Playing music to an audience, whether it's a stadium rock band or a CD at a kid's birthday party, will involve some fundamental principles of audio production. Basic knowledge of the factors affecting live sound can help DJs avoid common pitfalls and maintain audio quality across venues.
As the front line 'face' of what's being heard, it's in the DJ's best interest to be able to diagnose and minimize problems with the sound system, or at least the part which he or she is directly in control of.
This article is intended as an introduction to the key concepts of gain structure and audio theory, with specific bearing on equipment commonly used by DJs. Good gain structure is essential for a good sounding system, with adequate level. Systems that have large amounts of noise are almost invariably due to poor gain structuring.
What is gain?
Gain is the process of increasing the amplitude of your signal, or 'making it louder'. The reverse process, making your signal quieter, is known as attenuation.
Headroom, as the name implies, is how much room there is between the average level of your signal and the 'ceiling' - the maximum allowable level in a given part of your system.
Clipping describes what happens to a signal when it's amplitude is greater than the system will allow. Clipping can result in unpleasant loud distortion.
Noise is technically any unwanted portion of your signal. Generally in DJing, it will be hiss, hum, or perhaps crosstalk interference from other signals.
An analog audio signal will always accumulate some noise during transmission, and minimising how much is best achieved by keeping the signal as loud (hot) as possible while also avoiding clipping. Signal to noise ratio (SNR) is the measure of how hot or high the desired audio signal is above the noise floor of the system or piece of equipment. Higher ratios meaning less background noise.
Poor gain structuring is almost always the cause of excessive noise in a system.
The noise portion of your signal will be affected by gain in the same way as the rest, therefore it is less desirable for a quiet signal to be transmitted than a loud one, if possible, while avoiding clipping.
For example a turntable phono output is very low level, and if transmitted for more than a couple of meters via standard cables, will accumulate a large amount of noise proportional to the material content. When that signal is later turned up to line level by a phono pre-amp, the result will be very noisy. Note the relevance of this to the SL 1 Thru outputs, if you use normal vinyl in your setup. Try to use the shortest cables you can from the SL 1 to the mixer phono inputs.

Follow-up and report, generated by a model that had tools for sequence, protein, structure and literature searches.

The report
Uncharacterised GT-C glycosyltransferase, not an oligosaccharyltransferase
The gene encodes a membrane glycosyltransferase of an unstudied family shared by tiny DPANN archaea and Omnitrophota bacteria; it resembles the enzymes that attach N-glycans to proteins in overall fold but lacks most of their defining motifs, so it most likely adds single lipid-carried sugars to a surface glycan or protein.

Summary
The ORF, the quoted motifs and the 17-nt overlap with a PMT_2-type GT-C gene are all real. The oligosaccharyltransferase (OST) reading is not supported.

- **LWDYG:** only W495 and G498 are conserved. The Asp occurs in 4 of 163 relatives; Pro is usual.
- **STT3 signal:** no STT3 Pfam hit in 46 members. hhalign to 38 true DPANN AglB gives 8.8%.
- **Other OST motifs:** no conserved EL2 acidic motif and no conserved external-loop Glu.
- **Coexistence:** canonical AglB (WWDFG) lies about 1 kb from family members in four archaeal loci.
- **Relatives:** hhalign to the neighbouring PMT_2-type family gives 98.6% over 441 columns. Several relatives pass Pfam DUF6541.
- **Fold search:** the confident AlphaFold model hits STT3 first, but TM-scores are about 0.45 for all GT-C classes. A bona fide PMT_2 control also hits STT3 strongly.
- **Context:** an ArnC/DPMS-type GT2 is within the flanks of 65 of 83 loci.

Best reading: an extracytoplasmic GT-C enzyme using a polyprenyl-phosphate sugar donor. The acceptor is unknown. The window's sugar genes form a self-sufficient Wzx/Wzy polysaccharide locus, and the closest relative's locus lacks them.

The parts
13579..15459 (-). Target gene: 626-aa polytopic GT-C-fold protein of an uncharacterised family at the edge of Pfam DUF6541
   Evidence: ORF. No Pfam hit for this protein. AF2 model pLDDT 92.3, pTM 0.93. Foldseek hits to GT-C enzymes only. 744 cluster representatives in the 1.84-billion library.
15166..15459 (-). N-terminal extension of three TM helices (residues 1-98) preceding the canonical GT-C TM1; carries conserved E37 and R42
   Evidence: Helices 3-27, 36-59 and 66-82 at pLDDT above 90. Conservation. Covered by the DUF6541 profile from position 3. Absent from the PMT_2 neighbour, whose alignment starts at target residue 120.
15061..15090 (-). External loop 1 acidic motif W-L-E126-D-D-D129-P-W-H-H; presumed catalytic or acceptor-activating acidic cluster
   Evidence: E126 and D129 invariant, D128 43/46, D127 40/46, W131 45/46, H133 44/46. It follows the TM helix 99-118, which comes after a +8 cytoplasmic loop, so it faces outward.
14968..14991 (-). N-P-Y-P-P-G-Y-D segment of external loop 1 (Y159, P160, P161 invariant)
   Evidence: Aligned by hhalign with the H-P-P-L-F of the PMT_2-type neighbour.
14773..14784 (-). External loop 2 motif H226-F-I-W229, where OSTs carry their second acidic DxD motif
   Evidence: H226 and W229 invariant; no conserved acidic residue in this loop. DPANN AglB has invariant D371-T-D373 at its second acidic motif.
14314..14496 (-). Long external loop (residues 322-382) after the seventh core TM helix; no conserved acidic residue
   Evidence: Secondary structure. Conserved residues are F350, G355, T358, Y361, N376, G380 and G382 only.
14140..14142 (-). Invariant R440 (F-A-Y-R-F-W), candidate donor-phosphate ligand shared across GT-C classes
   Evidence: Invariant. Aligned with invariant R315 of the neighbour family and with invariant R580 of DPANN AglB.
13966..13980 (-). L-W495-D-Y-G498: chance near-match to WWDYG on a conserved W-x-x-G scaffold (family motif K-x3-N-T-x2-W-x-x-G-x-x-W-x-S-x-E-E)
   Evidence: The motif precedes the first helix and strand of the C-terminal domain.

Below is a diagram showing the basic signal flow in a typical setup, with the likely points to apply gain highlighted.
Putting Theory Into Practice
The ideal is to limit the points in a system at which gain or attenuation is applied to two; One gain at the input, and one attenuation before the power amplification. This minimizes the possibility of poor signal to noise ratio in your system.
Meters tell you the level of your audio, usually the color red indicates clipping, or that you're approaching clipping.
In Serato DJ there are two meters, one for each deck. There are also three gain controls, one for each deck individually as well as one master gain affecting both sets of outputs equally. They indicate the level of each output just before the signal is sent to your hardware. If the meters are sitting just below the red, your signal is as loud as it can be without clipping. This is generally what you will want.
Track Gain Tags
Each audio file in your library can have a gain value associated with it. If you have files which are too quiet, or too loud, you can correct this using the track gain knob in Serato DJ, and that setting will be saved into the gain tag.
In Serato DJ we have an Auto Gain feature, which does this step automatically. Check it out in the manual.
SSL Master Gain
If your tracks peak just under maximum level, the master gain in Serato DJ should remain at 12'oclock.
Do not be tempted to crank the master gain "into the red" to get some more level into your mixer; all you will be doing is clipping your audio, distorting the music before it even exits your computer.
It should be noted that the track and master gains inside Serato DJ make up a single overall SSL gain (or attenuation) value for each deck's output. So in practice you should set your master gain so most of the tracks in your library are just below clipping on the meters, and then adjust individual tracks as needed to bring them to the right level.
Mixer Input Gains
In the signal flow diagram, you can see some other sources coming into the mixer, normal vinyl from a turntable, and CDs. Your input gains on the mixer are a good place to even up different sources.
Use the input gains in conjunction with the meters on your mixer to make sure the loudest track you will play doesn't clip the mixer at all.
As usual, get it into the yellow or orange, not the red.
Mixer Channel Faders
With correctly set input gains and master output on your mixer, the channel faders should purely be a tool to add dynamics to your performance, and aid in smoothly transitioning between tracks. You should be able to have your track faders all the way up without distorting or going into the red on your mixer's output meters.
Mixer Master Output Gain
Even though it's being mentioned last, you should try and set the mixer master output gain first thing when you're setting up, or during sound check.
Play the loudest track in your playlist, set the input gain into the mixer so it's not clipping internally, then set the master output gain to the loudest level you're going to hit during you're set - or to the specifications of the sound technician (if you have that luxury)